Sheet material made of Japanese knotweed
Called Why Knot, the sheet material is made of Japanese knotweed, an invasive plant in the Netherlands.
Japanese knotweed (Fallopia japonica) is a fast-growing plant and considered to be one of the most invasive exotic species in the Netherlands. Once the plant is established, it is very hard to get rid of. It displaces native plant species, and its invasive root system and strong stems can cause damage to buildings, pipes and roads. Combating the knotweed costs millions a year, and the removed plants are generally burned.
Each year, the Dutch innovation hub BlueCity holds several Circular Challenges, challenging young designers to do something useful with things normally considered waste in collaboration with companies and organisations who provide the waste. Each team gets six weeks to come up with a solution. Regional water authority Schieland en de Krimpenwaard each year removes over 1000 m2 of Japanese knotweed, and each year, this amount increases. They provided this material to team Why Knot.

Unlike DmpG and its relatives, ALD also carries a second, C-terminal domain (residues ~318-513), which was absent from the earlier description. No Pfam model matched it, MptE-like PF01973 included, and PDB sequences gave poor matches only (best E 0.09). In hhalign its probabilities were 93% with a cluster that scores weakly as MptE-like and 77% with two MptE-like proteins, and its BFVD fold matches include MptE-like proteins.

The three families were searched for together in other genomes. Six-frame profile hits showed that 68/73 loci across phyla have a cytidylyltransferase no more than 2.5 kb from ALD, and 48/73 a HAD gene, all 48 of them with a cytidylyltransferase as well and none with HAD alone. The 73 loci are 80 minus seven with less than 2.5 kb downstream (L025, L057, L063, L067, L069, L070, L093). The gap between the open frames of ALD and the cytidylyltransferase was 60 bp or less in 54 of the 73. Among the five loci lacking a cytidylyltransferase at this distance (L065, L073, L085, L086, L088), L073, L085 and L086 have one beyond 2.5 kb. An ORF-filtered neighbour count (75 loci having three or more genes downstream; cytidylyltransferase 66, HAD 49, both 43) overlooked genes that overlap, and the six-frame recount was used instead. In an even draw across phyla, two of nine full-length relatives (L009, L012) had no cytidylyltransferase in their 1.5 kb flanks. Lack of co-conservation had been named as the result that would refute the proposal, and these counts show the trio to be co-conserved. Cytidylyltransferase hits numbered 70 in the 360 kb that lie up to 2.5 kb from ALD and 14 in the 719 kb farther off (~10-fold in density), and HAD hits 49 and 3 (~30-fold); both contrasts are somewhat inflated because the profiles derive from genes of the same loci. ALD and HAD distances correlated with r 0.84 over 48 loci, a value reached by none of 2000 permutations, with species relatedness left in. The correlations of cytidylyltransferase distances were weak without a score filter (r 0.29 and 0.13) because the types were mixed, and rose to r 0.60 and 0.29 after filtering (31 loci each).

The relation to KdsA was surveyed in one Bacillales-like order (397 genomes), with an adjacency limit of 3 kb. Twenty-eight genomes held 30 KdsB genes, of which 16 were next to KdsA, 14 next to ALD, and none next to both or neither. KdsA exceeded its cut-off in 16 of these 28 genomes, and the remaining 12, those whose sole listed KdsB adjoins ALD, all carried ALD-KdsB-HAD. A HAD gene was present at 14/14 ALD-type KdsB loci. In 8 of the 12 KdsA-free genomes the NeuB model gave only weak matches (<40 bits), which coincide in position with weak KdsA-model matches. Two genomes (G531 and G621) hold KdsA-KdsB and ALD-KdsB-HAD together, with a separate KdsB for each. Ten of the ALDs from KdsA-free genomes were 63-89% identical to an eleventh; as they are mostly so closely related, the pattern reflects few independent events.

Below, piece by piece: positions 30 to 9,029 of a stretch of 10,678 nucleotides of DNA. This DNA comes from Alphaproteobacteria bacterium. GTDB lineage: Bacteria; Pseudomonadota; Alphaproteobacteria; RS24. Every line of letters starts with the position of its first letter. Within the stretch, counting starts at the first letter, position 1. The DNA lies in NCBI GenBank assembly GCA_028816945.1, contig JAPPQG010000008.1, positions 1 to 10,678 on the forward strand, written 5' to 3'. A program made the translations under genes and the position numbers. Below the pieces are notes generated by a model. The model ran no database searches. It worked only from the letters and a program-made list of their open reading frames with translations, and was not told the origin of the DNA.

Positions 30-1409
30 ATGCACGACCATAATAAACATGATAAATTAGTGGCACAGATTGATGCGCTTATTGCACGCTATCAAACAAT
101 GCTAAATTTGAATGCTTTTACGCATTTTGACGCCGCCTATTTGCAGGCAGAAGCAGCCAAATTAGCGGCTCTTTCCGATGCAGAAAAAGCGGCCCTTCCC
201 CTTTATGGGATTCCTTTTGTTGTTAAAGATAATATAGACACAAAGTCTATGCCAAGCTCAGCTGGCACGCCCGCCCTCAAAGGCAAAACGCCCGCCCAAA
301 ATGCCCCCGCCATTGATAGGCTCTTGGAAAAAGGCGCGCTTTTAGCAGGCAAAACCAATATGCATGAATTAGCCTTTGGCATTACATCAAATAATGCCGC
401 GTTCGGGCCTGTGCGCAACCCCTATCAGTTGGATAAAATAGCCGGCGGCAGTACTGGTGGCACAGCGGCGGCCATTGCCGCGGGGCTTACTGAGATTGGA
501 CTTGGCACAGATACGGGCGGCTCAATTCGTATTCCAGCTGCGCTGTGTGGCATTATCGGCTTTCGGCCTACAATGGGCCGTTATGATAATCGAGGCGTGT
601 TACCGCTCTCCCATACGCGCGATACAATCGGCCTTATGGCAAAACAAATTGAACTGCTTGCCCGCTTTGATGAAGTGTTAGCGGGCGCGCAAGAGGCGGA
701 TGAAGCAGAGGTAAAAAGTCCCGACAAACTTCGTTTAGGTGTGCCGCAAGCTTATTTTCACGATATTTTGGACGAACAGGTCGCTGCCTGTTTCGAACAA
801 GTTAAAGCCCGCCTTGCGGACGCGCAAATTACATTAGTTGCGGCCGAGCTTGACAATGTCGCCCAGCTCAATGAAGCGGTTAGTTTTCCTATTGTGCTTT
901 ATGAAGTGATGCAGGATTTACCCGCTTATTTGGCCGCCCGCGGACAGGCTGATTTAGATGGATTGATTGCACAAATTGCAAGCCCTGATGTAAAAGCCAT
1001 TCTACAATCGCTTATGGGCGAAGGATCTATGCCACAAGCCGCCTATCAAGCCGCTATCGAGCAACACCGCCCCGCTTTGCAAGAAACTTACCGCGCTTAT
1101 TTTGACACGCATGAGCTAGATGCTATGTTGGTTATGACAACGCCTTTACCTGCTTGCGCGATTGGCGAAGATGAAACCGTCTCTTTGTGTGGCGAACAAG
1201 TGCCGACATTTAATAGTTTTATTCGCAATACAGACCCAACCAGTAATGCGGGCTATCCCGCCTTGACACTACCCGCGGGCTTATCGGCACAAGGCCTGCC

The team developed a sheet material made of Japanese knotweed. The material is strong and light, thanks to the layered fibres of the plant. The weed is cut into pieces and heat pressed into a sheet material. This makes the material more sustainable than other sheet material, which often contains glue with formaldehyde.
Why Knot won the first Circular Challenge of 2022. Find this material in our library here.
Photo: BlueCity / Why Knot
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